Tuesday, July 24, 2012

Adventures in travel: Miyagi-ken!


Yo!

Sorry for the delay between posts. I’ve been sitting on this one for a while, mostly because I wasn’t sure how to go about writing it. So I decided to just screw it, and write. And post pictures, too.

Like pictures of this.

So for those that don’t know every little thing about my life (I can’t imagine why), my boyfriend and I are currently doing the long-distance relationship-thing. While I’m here in Hokkaido, he’s living in Miyagi prefecture. More specifically, Kesennuma city. So far, things haven’t been horrible, mostly due to the fact we’re still in the same country and in the same time zone. After some initial whiny-ness, I’ve determined that things aren’t “that bad”, and have attempted to be a positive-thinker. And one positive thing was that now I have an excuse to go to Miyagi-ken, a part of Japan I’ve always wanted to visit but never had a reason or chance.

So last month I booked a flight from Chitose airport to Sendai, and began an adventure.

I didn’t know much about Kesennuma before I went. I just knew that it was one of the places hit the hardest by the tsunami last year. Most of the information I found online was pre-March 11, and most of the shops and restaurants were no longer there.  This included a direct train-line from Sendai. I ended up needing to take the shinkansen and transfer to a local train. Instead of a 2 hour train ride, it ended up taking 4 hours and 30 minutes. Next time, I’m just going to take the bus. 

Still, I got an awesome view of the country side. Rural Japan is awfully pretty. If only it hadn’t been so dark, I would have taken pictures. 

One of the stations had this cool looking dragon, though.


Once arriving in Kesennuma, my feelings changed pretty quickly. My boyfriend sent me pictures of the area before, but I wasn’t really prepared for the vast amount of destruction before me. I’m told that Kesennuma used to be a pretty active harbor-town.  Now about 2/3rds of it is gone. I spent the trip feeling conflicted. On one hand, I missed my boyfriend terribly and was extremely happy to be with him, and on the other hand…


Kesennuma's mascot has seen better days

I guess I always felt a bit of a disconnection to what happened on March 11th. I would watch the news and see the images, but in Hokkaido, nothing was different. Everything was exactly the same as it had been on March 10th. It felt like Tohoku was a different country, far away. I knew no one who lived there at the time, had no connection to it. And now, after finally seeing everything first hand, and realizing, Holy shit, people actually still live here!, it was very overwhelming. I felt very out-of-place, probably the most I’ve ever felt since I’ve come to Japan.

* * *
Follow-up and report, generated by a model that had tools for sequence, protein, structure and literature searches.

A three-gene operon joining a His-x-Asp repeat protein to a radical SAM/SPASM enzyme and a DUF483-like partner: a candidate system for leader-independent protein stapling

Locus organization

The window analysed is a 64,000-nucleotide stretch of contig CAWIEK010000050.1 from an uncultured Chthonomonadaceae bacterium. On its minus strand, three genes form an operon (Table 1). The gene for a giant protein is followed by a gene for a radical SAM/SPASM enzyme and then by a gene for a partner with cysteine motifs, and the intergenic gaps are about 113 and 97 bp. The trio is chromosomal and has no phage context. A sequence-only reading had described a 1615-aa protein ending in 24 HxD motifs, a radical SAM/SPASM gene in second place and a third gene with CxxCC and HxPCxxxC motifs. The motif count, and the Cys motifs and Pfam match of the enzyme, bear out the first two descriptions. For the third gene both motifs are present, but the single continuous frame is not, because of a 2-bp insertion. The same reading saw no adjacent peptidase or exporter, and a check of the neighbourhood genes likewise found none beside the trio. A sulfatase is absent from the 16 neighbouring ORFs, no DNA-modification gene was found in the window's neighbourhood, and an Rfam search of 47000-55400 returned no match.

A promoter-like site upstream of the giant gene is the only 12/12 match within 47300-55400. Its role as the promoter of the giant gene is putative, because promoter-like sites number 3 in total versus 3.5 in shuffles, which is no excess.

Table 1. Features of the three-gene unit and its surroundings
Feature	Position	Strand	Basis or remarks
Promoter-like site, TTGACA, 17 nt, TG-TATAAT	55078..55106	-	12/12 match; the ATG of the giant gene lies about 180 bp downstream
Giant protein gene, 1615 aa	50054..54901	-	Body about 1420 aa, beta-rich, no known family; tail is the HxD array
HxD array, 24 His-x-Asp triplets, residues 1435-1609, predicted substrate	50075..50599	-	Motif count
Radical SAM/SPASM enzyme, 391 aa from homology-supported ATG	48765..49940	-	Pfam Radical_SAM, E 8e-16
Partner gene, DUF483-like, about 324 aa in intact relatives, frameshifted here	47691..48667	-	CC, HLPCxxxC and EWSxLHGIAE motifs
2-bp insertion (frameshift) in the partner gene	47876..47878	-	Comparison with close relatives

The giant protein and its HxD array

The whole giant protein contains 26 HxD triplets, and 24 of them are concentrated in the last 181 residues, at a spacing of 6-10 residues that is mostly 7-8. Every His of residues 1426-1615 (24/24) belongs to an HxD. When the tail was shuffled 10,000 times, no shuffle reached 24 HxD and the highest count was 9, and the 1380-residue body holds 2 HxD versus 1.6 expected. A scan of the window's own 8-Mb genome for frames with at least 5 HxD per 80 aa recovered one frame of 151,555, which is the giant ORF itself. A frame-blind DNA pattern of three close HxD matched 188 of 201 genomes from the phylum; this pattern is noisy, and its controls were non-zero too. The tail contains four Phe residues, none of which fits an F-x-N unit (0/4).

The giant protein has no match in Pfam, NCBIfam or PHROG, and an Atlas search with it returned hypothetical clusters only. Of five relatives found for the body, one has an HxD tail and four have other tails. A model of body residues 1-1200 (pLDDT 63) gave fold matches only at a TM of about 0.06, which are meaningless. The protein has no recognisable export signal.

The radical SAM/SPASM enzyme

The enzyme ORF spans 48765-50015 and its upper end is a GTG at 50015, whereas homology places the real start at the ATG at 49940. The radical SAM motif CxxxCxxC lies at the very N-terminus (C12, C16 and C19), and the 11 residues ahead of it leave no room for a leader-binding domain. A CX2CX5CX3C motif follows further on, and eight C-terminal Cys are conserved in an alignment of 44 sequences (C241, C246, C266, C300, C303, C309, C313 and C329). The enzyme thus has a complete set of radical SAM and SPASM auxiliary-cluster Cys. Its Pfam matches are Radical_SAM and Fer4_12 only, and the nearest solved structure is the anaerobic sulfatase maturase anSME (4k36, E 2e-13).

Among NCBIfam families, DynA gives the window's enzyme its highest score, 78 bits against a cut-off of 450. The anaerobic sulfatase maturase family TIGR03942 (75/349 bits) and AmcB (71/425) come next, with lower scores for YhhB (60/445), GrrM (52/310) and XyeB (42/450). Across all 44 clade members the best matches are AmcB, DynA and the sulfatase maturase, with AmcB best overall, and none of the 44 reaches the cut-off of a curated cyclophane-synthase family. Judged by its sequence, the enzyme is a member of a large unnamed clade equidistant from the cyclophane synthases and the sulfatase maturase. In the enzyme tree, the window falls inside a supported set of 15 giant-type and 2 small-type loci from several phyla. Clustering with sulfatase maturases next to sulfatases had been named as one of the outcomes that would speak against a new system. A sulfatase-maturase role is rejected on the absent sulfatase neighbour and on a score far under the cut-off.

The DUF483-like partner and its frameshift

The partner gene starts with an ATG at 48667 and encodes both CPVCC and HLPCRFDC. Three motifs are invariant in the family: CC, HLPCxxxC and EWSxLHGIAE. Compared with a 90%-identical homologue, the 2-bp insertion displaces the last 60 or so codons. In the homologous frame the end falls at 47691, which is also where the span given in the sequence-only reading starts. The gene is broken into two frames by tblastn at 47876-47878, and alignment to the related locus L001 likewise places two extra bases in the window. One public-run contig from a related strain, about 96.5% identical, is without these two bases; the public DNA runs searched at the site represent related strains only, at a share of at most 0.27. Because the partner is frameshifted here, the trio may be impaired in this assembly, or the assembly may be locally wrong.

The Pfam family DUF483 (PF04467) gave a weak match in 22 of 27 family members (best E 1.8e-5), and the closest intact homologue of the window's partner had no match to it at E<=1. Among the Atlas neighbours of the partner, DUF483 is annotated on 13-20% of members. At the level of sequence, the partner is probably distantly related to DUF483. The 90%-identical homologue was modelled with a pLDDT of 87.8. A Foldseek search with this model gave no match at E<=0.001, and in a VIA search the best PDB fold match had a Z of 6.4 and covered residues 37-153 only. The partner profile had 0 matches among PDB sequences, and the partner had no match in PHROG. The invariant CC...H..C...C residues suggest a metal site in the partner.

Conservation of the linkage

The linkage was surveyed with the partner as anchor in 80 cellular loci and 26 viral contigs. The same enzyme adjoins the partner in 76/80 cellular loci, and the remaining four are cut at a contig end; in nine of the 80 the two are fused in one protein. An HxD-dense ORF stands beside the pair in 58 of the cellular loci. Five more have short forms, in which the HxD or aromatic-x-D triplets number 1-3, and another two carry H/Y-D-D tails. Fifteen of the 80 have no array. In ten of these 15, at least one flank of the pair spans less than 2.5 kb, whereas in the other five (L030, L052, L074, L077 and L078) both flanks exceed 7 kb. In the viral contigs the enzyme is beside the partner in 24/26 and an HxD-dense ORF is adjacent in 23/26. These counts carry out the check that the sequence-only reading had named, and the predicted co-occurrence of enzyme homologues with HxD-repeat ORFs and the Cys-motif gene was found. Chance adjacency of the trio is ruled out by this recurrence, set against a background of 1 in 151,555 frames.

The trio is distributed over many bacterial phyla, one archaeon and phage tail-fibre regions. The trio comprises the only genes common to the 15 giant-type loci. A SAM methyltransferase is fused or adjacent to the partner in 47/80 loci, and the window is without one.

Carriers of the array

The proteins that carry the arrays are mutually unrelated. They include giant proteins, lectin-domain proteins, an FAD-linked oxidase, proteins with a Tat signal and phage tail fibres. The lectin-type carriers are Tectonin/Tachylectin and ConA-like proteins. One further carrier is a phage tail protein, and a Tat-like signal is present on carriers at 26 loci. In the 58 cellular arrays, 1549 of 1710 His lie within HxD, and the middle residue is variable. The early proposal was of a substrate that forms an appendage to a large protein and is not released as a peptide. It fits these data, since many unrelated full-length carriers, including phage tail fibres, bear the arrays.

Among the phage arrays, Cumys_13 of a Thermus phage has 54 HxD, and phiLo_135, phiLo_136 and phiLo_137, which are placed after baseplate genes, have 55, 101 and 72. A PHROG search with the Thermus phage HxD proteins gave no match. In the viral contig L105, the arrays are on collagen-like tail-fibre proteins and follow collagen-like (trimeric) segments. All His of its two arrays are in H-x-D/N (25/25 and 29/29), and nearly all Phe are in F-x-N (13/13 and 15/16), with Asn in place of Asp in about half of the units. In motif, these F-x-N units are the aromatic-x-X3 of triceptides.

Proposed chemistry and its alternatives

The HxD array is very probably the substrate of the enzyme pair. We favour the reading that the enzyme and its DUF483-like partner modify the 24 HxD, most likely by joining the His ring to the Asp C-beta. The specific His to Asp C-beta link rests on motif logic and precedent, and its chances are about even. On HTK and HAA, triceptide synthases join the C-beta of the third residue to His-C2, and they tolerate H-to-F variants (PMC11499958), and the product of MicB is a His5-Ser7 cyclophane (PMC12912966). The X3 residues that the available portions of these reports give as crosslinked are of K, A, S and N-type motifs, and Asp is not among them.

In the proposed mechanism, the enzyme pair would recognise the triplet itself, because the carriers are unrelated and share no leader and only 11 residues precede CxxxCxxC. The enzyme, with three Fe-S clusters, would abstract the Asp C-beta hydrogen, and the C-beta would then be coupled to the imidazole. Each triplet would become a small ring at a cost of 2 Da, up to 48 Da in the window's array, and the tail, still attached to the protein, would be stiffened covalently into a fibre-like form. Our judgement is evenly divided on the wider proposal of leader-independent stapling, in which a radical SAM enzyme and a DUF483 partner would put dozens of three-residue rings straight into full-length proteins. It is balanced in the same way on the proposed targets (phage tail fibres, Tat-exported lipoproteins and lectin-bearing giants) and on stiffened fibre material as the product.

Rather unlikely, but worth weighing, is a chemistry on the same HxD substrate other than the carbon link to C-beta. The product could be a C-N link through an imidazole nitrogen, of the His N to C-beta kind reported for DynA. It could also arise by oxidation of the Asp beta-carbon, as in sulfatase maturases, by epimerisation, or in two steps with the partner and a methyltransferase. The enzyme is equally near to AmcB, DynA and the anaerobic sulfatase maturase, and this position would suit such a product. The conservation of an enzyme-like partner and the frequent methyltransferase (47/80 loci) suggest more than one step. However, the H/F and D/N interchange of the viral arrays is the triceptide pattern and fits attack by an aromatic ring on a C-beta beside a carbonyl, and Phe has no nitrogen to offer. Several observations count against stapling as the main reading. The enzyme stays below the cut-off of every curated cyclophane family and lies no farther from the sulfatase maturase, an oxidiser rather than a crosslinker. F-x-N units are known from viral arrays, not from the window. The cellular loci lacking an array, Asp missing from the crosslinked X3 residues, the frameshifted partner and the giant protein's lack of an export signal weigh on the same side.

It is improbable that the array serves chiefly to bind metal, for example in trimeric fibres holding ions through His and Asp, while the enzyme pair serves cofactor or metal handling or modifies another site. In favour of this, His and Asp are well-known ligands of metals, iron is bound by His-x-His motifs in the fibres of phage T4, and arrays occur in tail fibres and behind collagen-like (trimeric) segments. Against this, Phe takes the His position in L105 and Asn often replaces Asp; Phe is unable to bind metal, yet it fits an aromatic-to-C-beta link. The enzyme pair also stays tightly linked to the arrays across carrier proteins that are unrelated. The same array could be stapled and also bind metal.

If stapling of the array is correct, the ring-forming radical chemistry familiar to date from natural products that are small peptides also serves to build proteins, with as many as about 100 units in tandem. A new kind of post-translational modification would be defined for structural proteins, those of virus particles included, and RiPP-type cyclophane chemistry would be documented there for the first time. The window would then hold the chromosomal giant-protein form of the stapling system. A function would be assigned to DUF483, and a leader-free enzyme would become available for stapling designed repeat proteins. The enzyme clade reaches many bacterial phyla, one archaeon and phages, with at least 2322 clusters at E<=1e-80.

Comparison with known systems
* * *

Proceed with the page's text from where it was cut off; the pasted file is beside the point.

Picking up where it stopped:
Super cool statues made out of stuff found on the beach.
And yet, there was a certain beauty that still remained. Kesennuma is surrounded by mountains and lush forests. Along with the coast, I think that if I was here two years ago, I would find Kesennuma to be a gorgeous city.




Temporary buildings for shops destroyed in the tsunami.
The people of Kesennuma were also awesome. I met many of my boyfriend’s co-workers, as well as shop and restaurant owners, most of who were born and raised around this area. I got the impression that a lot of them had done their mourning, and were now just trying to pick themselves up, rebuild and get on with their lives. 





Also, there’s a lot of food Kesennuma. Apparently their big thing in shark fin. I had shark fin soup and shark fin steamed bun, both tasty. My boyfriend works for a crab company, so naturally I ate a lot of that. 



Tasty crab dishes


During my final day there, we went to Sendai. We didn’t have time to do a lot, but we naturally had to get Sendai’s specialty cuisine, ox-tongue.


We also got some ox-tail soup, something I’ve never had before.  It was pretty good.

 








We visited Sendai castle (or what’s left of it. It was destroyed during WW2) and shrine. 


Castle remains

Pretty view of the city


Date Masamune, looking fierce


Date Masamune, looking like an onigiri















We also found some ox-tongue cider. Being adventurous, we had to try it. It was horrible. We learned a valuable lesson about trying new things.

Horribleness, bottled


I arrived home late Sunday night, absolutely exhausted. Hopefully I’ll be able to go back soon, but for now, it’s the end of July. Which only means one thing:

Beer Gardens. Oh yes.

Until next time, Miyagi-ken! 

4 comments:

  1. Ox.
    Tail.
    CIDER?!?!?!

    What is wrong with people...

    ReplyDelete
    Replies
    1. Whoops, my bad. That should be "ox-tongue cider".
      Still, just as horrible.

      Delete
  2. Hi Allie, I want to go and live in Hokkaido, just a simple life. Can u help me?

    ReplyDelete
    Replies
    1. Check gaijinpot for job listings? Or apply to JET, Interac, AEON, etc. If you want help from me personally, you're not going to get it, sorry.

      Delete